BGJ 132 Autumn 2003
Reviewer: Nick Wedd
Previous issues of this Journal have carried reviews of Go Professional, Go Professional II, and Go Professional III. These programs used the Go-playing engine written by Dr. Michael Reiss, which competed in interna- tional Computer Go tournaments under the name Go4++. Dr. Reiss was under contract to Oxford Softworks, which later became part of Purple Software, and received a salary from them and small royalties for each copy of his program that they sold. They embellished it with a decorative user interface and marketed it as Go Professional, and in other ways.
However Purple Software recently went into liquidation and was unable to meet its debts. Dr Reiss was able to retrieve full rights to the Go-playing engine he had written, and is now marketing it himself as Go++.
Go++ is a program for Windows. It plays Go, and plays it as well as any program; it does not do anything else. It is notoriously difficult to assess the strength of Go-playing programs, because humans soon become accustomed to their weaknesses, and learn to take advantage of them. Dr. Reiss claims that Go++ is about 7-kyu, and supports this claim by giving its results against some members of North London Go Club. These were, I assume, people who had never played against it before. I tested it myself by giving it nine handicap stones on a full board, with it set to its maximum playing strength, and I beat it comfortably (I am 2 kyu on the European Rating List). I had never played Go++ before, but I have played its predecessor Go4++ in its various incarnations, and therefore know something of its weaknesses. I also tested it by playing it on KGS, against a KGS 3-kyu. He gave it only two handicap stones, and only narrowly beat it.
It was interesting for me to see how he treated it with respect, in positions where I, knowing it weaknesses, would have bullied it mercilessly.
I will not describe Go++’s weaknesses here, as to do so would reduce its value to purchasers who are looking for a challenging program to play.
It has options of 19 by 19, 13 by 13, and 9 by 9 boards; You can get it to play as Black or as White, but not as both, and you can set the handicap and the komi. You can set it to any of five playing strengths, each about 1 grade apart. At its fastest setting, it takes less than a second a move. At its slowest setting, on my 1 GHz system, it averages under half a minute a move.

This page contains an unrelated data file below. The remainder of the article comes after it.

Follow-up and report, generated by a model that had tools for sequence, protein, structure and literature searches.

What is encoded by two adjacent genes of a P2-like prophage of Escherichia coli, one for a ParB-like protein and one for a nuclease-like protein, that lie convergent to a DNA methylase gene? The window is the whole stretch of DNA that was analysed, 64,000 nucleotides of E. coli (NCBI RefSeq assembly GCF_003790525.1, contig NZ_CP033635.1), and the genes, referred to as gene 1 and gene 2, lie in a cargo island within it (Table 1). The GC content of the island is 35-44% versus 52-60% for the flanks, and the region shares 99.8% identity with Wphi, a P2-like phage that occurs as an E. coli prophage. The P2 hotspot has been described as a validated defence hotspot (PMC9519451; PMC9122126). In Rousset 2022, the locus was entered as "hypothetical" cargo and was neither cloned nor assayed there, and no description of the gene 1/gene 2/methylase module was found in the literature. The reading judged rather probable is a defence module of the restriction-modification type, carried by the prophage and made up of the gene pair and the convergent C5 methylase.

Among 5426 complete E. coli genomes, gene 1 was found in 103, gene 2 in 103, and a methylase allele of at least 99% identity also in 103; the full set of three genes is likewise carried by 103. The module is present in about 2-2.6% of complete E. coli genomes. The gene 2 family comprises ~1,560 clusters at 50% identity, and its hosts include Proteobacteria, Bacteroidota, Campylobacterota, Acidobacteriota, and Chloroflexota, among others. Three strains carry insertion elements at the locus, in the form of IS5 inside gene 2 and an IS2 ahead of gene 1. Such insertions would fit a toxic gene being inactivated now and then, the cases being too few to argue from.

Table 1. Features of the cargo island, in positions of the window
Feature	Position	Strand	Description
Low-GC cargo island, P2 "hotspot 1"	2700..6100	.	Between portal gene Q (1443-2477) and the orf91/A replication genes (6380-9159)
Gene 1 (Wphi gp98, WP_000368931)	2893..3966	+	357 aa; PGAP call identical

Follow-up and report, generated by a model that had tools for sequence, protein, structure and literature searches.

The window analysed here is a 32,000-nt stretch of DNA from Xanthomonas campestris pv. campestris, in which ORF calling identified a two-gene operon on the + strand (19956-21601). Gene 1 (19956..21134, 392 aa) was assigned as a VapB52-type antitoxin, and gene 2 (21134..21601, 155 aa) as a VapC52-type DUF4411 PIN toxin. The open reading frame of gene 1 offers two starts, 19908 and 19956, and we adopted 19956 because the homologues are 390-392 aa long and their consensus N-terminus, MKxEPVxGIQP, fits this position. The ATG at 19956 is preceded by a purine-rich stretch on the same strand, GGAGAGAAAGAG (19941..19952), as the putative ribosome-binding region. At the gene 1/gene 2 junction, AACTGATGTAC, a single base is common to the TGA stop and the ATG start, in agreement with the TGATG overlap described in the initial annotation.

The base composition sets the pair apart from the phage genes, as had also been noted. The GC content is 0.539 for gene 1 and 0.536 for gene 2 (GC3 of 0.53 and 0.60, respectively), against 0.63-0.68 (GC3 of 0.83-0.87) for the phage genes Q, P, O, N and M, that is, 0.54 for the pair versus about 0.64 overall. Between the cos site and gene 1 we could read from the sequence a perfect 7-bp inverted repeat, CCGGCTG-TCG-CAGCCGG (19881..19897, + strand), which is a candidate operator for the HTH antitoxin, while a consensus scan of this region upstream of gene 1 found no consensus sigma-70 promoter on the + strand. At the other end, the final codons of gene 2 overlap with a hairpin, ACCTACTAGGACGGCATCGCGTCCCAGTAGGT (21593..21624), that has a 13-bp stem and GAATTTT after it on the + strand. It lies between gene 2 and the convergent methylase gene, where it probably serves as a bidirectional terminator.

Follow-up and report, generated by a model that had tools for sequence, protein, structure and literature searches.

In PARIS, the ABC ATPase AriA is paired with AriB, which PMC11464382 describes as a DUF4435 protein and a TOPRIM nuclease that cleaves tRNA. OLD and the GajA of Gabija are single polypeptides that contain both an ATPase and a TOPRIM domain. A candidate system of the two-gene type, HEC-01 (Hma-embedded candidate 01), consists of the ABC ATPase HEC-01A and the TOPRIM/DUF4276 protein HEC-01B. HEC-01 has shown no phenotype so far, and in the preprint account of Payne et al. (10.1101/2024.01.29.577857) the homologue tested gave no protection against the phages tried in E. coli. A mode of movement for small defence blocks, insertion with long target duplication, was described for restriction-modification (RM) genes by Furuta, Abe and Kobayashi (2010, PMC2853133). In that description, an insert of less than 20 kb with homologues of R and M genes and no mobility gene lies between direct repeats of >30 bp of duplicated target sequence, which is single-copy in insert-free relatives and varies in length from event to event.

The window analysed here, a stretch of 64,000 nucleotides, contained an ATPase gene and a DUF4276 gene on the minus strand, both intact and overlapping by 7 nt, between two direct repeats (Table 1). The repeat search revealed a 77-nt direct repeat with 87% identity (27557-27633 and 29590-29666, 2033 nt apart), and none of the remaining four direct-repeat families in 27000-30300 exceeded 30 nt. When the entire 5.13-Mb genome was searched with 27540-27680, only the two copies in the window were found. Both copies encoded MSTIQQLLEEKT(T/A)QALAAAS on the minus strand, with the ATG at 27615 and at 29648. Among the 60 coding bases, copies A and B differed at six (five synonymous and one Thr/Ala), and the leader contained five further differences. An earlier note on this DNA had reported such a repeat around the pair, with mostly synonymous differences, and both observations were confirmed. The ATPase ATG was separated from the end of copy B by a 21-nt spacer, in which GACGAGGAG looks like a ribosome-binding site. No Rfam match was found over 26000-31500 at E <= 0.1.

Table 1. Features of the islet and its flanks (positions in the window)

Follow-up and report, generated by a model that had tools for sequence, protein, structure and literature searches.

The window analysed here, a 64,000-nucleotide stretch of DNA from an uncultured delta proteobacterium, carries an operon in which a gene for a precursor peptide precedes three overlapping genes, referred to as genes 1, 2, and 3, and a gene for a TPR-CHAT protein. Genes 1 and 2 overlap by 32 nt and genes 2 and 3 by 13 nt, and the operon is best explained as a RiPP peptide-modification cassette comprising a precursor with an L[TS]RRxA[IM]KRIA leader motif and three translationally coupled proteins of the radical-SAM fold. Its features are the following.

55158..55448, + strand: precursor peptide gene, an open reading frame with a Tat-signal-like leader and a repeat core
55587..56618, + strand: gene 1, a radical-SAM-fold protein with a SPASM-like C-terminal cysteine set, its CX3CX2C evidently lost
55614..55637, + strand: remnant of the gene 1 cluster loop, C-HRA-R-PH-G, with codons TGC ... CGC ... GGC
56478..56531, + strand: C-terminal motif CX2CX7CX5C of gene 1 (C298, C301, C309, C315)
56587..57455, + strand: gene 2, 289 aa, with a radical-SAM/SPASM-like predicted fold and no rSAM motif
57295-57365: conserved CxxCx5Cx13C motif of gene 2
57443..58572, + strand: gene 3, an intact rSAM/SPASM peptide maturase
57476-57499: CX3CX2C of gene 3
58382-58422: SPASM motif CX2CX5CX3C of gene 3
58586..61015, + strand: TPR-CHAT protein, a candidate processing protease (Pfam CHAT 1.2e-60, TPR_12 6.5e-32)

It only uses Japanese rules, with their fixed placement of handicap stones. The user interface is clean, simple, and easy to use. It does not use a clock – its human opponent can play as slowly as they like. It can record partly-played games for re-loading later, but it does so in ‘Ishi’ format, rather than the more widely used SGF format.
Go++ (formerly known as Go4++) has entered many international Computer Go Tournaments, and in the last five years has never been placed below third in one. Its main rivals have been Many Faces of Go, and GoeMate. The latest versions of these three programs all have good chances of beating one another, but it is only Go++ whose latest version is available to purchasers. The 2002 version of Many Faces of Go offers many more features than Go++, and costs US $89.95. GoeMate is not available to purchasers, but its ancestor program HandTalk is available at US $60, or US $50 for a DOS version. So Go++ is not only the strongest-playing program that is available to the public, it is the least expensive of the strong programs.
Go++ is available from the web site www.goplusplus.com